Whereas one embodiment of the invention has
been described for the purpose of illustration, it
should be understood that the invention is not
limited to the details described, since mam! modi
?cations may be made by those skilled in the art
without departing from the spirit of the invention.
What is claimed is:
1. Air conditioning apparatus for a passenger
vehicle, comprising a conditioning compartment
intimately with the warm air above the passenger
space and so has ‘su?lcient superheat added to it
20 by the time the conditioned air reaches the pas
sengers it has a temperature which is not too
cold for comfort.
An ice cooling system such as that illustrated
by Fig. 4 may be used for cooling the car. In
25 this case, ice water is circulated through the
located in the roof zone of the vehicle, means for 25
cooling coils H by the pump 25a, the returned drawing in fresh and recirculated air and passing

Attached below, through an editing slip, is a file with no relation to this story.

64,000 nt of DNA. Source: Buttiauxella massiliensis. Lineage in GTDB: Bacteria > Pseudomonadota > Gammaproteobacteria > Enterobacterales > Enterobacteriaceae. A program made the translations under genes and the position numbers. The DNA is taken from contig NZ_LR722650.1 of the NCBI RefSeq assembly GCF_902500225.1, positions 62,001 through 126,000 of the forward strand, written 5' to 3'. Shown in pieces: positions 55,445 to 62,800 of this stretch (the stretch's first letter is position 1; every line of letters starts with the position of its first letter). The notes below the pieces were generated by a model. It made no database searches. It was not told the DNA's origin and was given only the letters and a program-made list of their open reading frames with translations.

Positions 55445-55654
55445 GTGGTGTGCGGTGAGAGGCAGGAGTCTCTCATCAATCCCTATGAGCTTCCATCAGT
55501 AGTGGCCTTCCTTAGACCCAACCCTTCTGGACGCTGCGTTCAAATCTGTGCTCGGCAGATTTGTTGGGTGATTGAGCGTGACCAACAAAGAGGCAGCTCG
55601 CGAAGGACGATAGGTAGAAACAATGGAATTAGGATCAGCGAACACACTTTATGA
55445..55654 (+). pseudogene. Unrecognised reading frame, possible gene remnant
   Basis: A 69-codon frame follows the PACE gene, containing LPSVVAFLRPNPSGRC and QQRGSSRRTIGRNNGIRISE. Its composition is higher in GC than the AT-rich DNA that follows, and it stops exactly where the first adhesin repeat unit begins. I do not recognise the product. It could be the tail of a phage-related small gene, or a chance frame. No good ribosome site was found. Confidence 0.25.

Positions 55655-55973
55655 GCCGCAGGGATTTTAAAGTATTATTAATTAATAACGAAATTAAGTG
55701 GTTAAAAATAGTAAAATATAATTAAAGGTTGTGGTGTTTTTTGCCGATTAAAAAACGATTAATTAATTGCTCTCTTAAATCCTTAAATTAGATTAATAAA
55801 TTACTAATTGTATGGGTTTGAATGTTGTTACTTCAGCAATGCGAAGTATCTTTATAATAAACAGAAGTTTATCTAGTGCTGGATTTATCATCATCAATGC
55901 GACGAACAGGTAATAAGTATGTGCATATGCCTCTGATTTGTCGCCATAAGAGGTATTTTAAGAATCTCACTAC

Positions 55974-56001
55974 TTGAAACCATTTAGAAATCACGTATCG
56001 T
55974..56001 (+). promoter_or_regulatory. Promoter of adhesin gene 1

water being sprayed through the spray nozzles 26 it through said compartment, air cooling means
on the ice surface so as to remove, by the melting in said compartment, an ice chamber for provid
;of the ice, the heat units in the water. In order ing cold water through the melting of ice, means
)to prevent the excess water caused by the melt for circulating the cold water to said cooling coil 30
ing of the ice from being discharged to the tracks and returning a portion of same to said chamber,
at too low a temperature, a portion of the rela— a pre-cooling coil mounted in said compartment
tively warm water leaving the cooling coils II ‘is in the path of the mixed outside and recirculated
passed at the junction point 28 (Fig. 5) through air, and means for continuously passing the re
35 the two pre~cooling coils I2, one of which ‘is